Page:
UN urges Greek-Turkish dialogue amid maritime dispute

Greek foreign Minister Nikos Dendias arrive for a meeting to brief political party representatives on developments for the maritime boundary deal between Turkey and Libya in Athens, on December 10, 2019. (AP)

The United Nations on Wednesday urged Greece and Turkey to maintain a dialogue after Athens called on the Security Council to condemn a recent agreement that would extend Turkey’s sea boundaries in the Mediterranean.

Farhan Haq, deputy spokesman for the secretary-general, said the UN secretariat takes no position on matters concerning member states’ maritime space.

“However, in certain areas, such as enclosed or semi-enclosed seas, particular attention needs to be paid to the interests of third parties,” he said.

“We are confident that all parties concerned recognize the need for continued dialogue on these sensitive matters.”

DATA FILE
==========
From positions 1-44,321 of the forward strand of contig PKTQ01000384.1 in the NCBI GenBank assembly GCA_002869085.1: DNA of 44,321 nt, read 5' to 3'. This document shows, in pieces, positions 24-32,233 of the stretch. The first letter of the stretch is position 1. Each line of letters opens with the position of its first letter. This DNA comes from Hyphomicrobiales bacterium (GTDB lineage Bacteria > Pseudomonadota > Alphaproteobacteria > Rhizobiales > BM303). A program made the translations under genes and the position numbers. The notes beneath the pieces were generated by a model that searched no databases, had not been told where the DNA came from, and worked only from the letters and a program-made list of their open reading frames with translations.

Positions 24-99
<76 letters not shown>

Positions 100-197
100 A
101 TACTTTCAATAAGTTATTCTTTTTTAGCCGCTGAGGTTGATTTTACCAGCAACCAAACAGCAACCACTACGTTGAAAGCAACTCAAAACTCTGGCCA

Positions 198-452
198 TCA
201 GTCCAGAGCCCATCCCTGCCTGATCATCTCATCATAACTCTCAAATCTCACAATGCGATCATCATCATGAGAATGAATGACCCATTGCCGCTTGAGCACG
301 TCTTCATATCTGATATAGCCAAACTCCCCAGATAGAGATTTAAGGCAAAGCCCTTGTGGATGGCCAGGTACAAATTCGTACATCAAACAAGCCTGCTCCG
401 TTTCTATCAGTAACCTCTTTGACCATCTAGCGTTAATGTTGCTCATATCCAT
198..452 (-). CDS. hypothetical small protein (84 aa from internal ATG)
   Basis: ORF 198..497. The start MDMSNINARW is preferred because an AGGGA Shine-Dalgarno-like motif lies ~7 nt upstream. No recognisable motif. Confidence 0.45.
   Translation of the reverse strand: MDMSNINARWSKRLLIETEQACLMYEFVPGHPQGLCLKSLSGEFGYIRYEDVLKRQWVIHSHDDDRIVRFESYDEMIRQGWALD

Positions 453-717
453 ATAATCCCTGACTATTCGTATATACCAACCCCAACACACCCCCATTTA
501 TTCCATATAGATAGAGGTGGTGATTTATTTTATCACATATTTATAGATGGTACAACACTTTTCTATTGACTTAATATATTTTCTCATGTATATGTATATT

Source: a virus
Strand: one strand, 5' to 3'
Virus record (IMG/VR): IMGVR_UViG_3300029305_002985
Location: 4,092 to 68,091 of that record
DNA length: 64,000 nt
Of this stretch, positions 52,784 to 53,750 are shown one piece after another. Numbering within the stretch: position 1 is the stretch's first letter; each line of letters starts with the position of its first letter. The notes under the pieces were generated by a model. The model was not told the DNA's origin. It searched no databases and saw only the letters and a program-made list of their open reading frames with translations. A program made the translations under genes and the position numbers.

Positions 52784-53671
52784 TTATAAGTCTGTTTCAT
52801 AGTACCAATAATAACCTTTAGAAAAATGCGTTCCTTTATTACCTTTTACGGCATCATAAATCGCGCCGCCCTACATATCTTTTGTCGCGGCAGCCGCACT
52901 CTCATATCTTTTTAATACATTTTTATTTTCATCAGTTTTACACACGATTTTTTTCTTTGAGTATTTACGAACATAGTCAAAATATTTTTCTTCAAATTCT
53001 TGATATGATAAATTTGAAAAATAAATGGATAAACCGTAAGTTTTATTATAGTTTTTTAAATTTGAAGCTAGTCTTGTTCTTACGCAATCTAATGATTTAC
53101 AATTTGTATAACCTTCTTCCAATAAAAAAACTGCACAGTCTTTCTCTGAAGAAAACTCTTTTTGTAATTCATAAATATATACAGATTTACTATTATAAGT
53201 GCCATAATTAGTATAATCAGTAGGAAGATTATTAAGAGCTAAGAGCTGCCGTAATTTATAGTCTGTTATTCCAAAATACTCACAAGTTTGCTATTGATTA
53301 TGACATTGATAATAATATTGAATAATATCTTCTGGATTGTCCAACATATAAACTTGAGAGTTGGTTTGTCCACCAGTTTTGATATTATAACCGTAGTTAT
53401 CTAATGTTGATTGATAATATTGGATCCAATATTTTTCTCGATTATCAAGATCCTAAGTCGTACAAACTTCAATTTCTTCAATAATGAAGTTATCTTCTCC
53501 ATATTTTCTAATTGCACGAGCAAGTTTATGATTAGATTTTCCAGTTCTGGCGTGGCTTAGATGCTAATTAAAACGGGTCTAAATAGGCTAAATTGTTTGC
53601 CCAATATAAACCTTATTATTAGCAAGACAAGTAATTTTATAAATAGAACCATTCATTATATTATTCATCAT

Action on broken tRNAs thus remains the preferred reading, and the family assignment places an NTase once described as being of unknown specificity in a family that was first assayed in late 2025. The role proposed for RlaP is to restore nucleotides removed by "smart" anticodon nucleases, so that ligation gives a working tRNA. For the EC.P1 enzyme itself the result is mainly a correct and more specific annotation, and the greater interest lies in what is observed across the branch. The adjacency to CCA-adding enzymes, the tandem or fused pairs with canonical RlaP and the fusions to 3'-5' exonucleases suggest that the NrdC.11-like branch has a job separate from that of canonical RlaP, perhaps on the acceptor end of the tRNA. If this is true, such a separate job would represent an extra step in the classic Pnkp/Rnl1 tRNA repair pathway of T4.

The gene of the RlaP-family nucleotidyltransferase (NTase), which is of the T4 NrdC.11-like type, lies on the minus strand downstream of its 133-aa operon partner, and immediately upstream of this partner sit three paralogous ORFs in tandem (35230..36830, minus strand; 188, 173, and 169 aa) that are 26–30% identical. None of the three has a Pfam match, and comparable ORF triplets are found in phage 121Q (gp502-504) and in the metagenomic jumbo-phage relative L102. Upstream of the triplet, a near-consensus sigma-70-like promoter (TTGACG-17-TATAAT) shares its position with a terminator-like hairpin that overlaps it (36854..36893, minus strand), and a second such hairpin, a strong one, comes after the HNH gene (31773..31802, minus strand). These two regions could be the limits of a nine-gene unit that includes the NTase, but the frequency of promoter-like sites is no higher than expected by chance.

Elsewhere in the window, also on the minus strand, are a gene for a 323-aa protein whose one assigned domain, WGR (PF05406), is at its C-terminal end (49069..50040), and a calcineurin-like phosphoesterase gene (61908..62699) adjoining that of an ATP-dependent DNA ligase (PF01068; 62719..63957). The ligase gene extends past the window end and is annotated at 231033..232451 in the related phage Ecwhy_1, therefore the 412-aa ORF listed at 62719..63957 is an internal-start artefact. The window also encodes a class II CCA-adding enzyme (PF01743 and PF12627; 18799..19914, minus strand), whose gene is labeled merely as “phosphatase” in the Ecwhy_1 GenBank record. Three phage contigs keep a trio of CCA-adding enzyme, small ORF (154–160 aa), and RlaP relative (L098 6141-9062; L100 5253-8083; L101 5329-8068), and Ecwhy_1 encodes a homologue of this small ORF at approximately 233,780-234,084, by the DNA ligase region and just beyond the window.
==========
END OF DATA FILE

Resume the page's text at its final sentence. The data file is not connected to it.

Haq added that “all differences should be resolved by peaceful means.”

Turkey and Libya struck an agreement at the end of November that would enable Ankara to extend its maritime boundaries in the eastern Mediterranean, where significant oil deposits have been discovered in recent years.

Several countries that border the Mediterranean have said the deal is illegal, and Greece warned it was “disruptive” to peace and security.

According to several diplomats, no meeting has been scheduled by the Security Council to discuss the issue.

A military agreement between Turkey and Libya was concluded at the same time as the maritime agreement but no details have been made public.

On Tuesday, Turkey said it was prepared to send troops to Libya to support the Government of National Accord led by Prime Minister Fayez al-Sarraj.

It has been at war since April with the forces of Khalifa Haftar, a military strongman in eastern Libya who is waging an offensive to take Tripoli.

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Last Update: Wednesday, 20 May 2020 KSA 09:53 - GMT 06:53
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